TomTom: Are smart beta and factor investing the same animal?
Dave Nadig: Given that nobody will even agree what "smart beta" is ... probably not. In my personal definition, factor investing is a subset of smart beta.
But I'd also put things like sector rotation strategies, or market-timing strategies into the "smart beta" circle of the Venn diagram.
So all factor investing equals smart beta, but all smart beta does not equal factor investing.
Anonymous: What would you say to someone who has an ETF-only portfolio? That that's too narrow; they should also include, e.g., mutual funds, stocks …?
Dave Nadig: For most investors saving for retirement, future spending, college, houses and so on, you can absolutely have an ETF-only portfolio. In fact, tons and tons of advisors do just this.
Even the relatively "dumb" portfolios we often highlight here as examples are massively diversified, well run, tax efficient and incredibly cheap.
So there's nothing you'll get from mutual funds or single stocks that's really helpful.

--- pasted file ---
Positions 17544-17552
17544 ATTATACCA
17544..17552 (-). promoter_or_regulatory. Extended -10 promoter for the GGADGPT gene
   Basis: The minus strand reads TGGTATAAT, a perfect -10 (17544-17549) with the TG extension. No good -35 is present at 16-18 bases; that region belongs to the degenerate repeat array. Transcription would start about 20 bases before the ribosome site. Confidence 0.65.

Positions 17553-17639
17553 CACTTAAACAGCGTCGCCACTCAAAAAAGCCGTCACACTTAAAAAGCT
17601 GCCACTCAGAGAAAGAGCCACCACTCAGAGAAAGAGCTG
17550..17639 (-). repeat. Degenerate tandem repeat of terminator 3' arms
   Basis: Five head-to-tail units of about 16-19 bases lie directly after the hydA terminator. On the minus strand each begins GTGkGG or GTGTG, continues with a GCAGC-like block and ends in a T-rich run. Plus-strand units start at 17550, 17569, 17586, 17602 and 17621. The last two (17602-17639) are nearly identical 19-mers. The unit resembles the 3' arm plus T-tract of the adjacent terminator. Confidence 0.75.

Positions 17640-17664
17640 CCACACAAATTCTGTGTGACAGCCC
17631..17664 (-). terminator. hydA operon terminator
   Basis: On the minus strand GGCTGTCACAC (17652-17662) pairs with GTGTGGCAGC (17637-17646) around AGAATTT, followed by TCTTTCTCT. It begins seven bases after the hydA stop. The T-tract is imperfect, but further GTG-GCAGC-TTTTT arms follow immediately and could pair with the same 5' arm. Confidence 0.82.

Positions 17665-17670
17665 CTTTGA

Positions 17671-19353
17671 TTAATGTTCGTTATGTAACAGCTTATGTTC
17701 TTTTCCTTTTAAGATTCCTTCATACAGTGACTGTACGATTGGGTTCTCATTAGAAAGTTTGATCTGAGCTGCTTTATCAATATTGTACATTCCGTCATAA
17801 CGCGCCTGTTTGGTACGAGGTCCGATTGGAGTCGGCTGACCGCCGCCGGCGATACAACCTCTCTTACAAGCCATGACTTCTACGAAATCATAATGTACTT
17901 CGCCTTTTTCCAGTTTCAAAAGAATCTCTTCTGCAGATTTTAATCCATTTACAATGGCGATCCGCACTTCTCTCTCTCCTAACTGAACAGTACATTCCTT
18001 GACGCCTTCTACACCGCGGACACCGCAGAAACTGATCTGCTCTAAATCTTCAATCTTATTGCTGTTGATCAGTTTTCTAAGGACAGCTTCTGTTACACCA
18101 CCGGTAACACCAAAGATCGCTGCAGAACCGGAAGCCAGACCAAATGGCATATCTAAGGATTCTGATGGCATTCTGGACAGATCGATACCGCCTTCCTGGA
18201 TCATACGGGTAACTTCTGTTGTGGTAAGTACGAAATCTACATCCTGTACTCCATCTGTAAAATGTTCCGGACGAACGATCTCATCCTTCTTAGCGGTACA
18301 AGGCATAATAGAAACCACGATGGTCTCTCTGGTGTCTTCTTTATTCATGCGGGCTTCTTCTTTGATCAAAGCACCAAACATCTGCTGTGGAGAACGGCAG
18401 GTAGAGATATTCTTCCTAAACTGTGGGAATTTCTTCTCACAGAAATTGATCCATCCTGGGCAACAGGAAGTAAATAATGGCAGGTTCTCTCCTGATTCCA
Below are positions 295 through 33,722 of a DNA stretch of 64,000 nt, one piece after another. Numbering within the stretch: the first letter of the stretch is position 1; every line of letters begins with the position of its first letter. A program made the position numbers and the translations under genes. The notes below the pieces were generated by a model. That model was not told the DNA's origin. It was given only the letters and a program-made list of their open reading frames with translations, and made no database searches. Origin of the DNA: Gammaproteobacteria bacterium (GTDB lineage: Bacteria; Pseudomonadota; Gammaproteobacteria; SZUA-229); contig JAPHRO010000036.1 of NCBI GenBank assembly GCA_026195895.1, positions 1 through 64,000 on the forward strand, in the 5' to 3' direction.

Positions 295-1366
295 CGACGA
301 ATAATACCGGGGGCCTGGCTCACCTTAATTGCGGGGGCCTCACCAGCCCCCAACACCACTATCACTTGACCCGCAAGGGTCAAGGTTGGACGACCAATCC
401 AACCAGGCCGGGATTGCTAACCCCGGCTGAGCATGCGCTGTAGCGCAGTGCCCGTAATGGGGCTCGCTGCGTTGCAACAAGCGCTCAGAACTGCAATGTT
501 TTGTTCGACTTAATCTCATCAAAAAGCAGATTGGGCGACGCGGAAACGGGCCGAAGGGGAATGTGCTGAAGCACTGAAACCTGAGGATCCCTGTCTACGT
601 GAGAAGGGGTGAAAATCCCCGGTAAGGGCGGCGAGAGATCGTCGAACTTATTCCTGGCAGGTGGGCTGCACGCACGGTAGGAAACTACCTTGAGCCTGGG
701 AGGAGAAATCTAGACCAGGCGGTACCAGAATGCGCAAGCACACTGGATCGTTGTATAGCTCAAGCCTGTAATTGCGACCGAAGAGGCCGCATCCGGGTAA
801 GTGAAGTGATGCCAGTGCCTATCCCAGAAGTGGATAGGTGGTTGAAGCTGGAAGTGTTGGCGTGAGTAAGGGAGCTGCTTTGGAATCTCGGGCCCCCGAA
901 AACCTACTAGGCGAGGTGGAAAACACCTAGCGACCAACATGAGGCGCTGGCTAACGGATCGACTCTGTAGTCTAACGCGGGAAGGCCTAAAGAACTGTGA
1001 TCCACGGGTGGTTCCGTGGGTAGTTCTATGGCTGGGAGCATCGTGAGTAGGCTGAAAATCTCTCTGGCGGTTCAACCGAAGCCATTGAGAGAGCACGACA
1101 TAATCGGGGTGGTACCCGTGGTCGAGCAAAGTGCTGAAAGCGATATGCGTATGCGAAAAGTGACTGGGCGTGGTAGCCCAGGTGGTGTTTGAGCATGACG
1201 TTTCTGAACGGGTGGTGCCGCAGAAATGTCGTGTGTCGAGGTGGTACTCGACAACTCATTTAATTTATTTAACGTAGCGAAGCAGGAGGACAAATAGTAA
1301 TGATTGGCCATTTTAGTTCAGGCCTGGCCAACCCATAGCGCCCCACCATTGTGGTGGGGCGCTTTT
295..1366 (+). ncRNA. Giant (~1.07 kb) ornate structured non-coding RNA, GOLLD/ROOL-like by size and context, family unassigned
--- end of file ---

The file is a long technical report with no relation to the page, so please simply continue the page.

The caveat is that if you believe in active management, or more specifically, a SPECIFIC active manager, you may need to include mutual funds as well.
Of course, you can also build a low-cost, indexed mutual fund portfolio that's basically as good as an ETF portfolio.
Single stocks (or single securities of any kind) introduce large, large vectors for risk, however.
Single-stock blowup risk is a real issue. Imagine you were the stereotypical older investor leaning on your utilities stocks for dividend checks, and you had a giant position in PG&E.
Even the safest "safety" stocks have blow-up risk. Diversification is a superpower.
TokeN: Seriously, AdvisorShares wants its potential marijuana ETF to be called “YOLO”?
Dave Nadig: First, two points for the name. And yeah, I kind of snickered at that too. But is it really much less funny than "MJ" or, "PBJ" ...?
But really, I just see it as a way to get an extra headline or two. Proof is always, always in the pudding.
So I would give them a bit of a pass for having fun with the ticker. I mean, the pet-care ETF is called PAWZ for Pete's sake. And it's a perfectly solid investment thesis and portfolio if you're a buyer in the theme.